Crew operations training gears up for Starliner and Orion

by Chris Gebhardt

Operations to support the upcoming first crew flights of Starliner and Orion are increasing around the Kennedy Space Center as both vehicles head toward that major milestone.

Starliner operations have included United Launch Alliance (ULA), NASA, and Space Launch Delta 45 teams, as well as the crew for the vehicle’s upcoming Crew Flight Test (CFT), scheduled for no earlier than mid-April.

Meanwhile, Orion operations have centered around water egress practice for the Department of Defense (DoD) and NASA diving teams who will assist with crew recovery once the capsules splash down at the end of their missions.


With roughly two months until Starliner’s debut flight with crew, training operations with flight and ground personnel were recently conducted at the Florida launch site.

Teams practiced day-of-launch operations, including the suit-up of the two flight crew members and their travel to the launch pad — which will follow the traditional route, passing by the Vehicle Assembly (VAB) and Press Site before moving beyond LC-39A and out to SLC-41.

Pad training operations did not include full ingress procedures, which are deferred to when the rocket and capsule are on the pad and crews run through a dry dress rehearsal of launch day. A dry dress rehearsal includes most operations aside from the fueling of the rocket.

Starliner itself is in its Commercial Crew and Cargo Processing Facility (C3PF) near the VAB at the Kennedy Space Center.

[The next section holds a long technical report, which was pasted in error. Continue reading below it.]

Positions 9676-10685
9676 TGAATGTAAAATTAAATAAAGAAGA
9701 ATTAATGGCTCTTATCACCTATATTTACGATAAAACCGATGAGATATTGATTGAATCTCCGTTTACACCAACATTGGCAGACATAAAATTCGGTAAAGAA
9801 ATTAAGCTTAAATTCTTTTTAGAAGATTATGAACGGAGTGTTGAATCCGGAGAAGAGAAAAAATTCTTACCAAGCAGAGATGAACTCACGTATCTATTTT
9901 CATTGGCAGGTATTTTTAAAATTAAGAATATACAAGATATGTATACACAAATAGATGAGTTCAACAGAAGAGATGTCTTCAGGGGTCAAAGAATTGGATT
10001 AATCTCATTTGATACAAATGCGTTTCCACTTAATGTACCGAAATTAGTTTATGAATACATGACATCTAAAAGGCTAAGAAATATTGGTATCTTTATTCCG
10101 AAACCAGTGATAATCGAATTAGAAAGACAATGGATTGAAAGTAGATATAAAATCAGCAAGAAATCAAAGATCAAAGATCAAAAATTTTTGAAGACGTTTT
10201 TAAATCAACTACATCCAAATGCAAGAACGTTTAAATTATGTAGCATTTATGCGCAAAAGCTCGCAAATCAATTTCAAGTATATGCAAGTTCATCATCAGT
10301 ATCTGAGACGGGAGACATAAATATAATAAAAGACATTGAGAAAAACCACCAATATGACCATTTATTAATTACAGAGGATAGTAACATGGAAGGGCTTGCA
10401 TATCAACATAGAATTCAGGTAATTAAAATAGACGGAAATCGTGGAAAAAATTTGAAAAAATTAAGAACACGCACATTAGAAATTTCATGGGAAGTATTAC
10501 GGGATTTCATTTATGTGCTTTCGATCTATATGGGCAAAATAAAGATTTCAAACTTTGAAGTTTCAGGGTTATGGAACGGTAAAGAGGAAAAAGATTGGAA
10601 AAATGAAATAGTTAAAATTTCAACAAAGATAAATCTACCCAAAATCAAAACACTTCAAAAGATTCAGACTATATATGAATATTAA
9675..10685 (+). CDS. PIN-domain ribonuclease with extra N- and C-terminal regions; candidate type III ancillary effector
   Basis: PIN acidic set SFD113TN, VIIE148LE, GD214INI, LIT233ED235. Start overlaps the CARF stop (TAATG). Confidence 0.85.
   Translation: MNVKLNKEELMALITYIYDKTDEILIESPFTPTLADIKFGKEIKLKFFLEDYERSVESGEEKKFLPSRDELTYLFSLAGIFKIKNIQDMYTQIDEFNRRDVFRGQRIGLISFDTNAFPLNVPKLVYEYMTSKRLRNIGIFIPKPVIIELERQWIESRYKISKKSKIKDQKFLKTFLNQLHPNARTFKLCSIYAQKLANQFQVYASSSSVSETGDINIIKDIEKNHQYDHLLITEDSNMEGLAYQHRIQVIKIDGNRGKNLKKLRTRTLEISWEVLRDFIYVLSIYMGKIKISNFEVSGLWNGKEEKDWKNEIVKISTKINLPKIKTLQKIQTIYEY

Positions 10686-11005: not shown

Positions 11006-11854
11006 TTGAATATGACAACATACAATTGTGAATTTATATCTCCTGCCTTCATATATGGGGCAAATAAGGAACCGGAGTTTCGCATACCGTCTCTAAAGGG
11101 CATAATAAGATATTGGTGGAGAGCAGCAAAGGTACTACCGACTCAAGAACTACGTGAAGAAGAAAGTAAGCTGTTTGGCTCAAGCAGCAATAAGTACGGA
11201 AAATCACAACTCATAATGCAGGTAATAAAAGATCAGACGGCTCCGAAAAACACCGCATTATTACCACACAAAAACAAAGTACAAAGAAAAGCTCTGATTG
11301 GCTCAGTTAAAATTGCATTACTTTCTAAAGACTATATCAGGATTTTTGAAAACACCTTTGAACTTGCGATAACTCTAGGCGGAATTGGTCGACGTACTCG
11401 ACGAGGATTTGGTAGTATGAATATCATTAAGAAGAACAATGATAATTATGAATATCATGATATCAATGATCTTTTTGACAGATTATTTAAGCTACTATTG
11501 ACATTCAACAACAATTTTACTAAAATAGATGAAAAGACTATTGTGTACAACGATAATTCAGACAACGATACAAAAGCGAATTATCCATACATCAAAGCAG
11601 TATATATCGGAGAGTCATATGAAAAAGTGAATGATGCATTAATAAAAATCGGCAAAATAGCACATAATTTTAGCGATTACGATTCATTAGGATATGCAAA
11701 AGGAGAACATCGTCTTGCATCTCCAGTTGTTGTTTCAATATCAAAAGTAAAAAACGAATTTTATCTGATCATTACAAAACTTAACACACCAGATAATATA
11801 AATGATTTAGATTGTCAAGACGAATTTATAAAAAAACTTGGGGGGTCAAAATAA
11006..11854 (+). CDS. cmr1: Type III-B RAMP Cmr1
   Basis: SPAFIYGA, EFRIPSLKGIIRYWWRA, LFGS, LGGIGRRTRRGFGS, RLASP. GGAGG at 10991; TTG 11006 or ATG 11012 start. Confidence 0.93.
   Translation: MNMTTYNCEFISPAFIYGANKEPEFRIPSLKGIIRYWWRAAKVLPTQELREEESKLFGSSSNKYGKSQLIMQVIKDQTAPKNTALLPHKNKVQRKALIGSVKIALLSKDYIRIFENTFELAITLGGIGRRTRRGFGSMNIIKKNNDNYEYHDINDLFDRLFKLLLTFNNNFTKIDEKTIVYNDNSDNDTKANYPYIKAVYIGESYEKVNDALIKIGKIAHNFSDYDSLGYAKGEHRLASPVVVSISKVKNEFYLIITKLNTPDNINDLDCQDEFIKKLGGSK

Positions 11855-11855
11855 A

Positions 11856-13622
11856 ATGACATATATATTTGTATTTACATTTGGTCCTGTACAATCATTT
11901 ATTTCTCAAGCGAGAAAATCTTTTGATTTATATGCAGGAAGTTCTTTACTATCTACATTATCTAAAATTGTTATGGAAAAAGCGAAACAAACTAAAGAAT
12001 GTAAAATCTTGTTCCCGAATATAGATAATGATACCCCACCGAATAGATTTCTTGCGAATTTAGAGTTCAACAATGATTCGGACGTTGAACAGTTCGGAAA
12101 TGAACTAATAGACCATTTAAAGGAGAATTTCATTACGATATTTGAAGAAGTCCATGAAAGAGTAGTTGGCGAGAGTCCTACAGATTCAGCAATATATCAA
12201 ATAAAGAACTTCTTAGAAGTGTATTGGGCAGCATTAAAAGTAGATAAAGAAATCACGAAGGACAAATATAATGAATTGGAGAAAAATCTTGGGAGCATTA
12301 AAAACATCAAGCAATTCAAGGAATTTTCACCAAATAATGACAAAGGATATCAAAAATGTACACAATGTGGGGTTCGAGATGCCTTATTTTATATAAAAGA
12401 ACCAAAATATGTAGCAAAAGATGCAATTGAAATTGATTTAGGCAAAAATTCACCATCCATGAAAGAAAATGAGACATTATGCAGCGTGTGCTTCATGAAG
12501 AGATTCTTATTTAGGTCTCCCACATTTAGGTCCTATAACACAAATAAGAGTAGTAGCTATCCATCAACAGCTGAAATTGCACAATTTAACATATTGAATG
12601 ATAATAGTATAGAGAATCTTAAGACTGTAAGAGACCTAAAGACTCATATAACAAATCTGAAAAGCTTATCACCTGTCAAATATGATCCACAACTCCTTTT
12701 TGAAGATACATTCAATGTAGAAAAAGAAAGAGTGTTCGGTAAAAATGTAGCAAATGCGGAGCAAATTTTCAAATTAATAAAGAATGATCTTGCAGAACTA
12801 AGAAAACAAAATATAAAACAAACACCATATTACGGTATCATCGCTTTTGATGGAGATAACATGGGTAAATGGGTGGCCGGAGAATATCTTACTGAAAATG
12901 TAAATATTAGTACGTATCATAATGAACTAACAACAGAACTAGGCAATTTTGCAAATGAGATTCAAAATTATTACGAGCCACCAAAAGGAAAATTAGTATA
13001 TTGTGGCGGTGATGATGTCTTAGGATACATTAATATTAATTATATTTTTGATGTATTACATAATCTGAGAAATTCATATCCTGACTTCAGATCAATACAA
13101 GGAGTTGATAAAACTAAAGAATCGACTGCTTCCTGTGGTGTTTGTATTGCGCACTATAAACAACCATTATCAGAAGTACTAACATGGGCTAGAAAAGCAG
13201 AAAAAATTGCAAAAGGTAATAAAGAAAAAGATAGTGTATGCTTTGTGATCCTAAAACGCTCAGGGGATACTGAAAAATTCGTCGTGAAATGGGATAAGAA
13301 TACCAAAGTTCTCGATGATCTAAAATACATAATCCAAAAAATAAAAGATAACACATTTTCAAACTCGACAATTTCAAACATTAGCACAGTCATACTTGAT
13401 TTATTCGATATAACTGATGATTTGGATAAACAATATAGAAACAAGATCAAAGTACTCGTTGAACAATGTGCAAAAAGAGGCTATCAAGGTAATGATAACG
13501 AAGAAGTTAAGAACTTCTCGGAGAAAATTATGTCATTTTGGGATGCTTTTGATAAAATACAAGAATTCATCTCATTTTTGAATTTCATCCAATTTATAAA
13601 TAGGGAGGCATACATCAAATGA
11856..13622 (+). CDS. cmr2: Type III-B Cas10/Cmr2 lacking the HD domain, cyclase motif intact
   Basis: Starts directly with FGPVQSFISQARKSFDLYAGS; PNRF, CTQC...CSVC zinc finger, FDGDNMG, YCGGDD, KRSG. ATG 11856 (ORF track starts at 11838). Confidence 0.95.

The C3PF includes the former Orbiter Processing Facility 3 bay used to process Shuttle Orbiters Columbia, Discovery, Atlantis, and Endeavour between missions.

For Starliner, the capsule was mated to its service module on Jan. 19 inside the C3PF. Technicians will spend the next few weeks conducting integrated checks of the overall system before configuring Starliner for rollout to pad 41.

Starliner arrives at the International Space Station on its uncrewed Orbital Flight Test 2 (OFT-2) mission on May 21, 2022. (Credit: NASA/Bob Hines)

There, it will be stacked on top of an Atlas V rocket and taken to the launch mount for additional flight and ground personnel day-of-launch training.

Starliner’s CFT launch will mark the first time in 60 years that a rocket named Atlas has been used to carry humans into orbit. The most recent such use was Mercury-Atlas 9 with Faith 7 on May 15, 1963, which carried Gordon Cooper to a 34-hour mission in low Earth orbit.

The launch will also mark the first time in global space history that a woman will be a crewmember of the first crewed orbital flight of a new spacecraft type.


Nearby, at the Turn Basin at the Kennedy Space Center near the VAB, another set of teams, this time from the Department of Defense, NASA’s Johnson Space Center, and Air Force rescue personnel, were busy familiarizing themselves with crew recovery from an Orion capsule.

The two-week operation allowed teams to familiarize themselves with how the various NASA Equipment Package (NEP) recovery tools interface with Orion.

Under the direction of Tim Goddard (standing on top of Orion), teams practice attaching the stabilization collar to the base of Orion during Turn Basin operations in February 2023. (Credit: Chris Gebhardt for NSF)

This is crucial to the overall familiarization strategy as it is the same equipment used to recover Crew Dragon and Starliner capsules.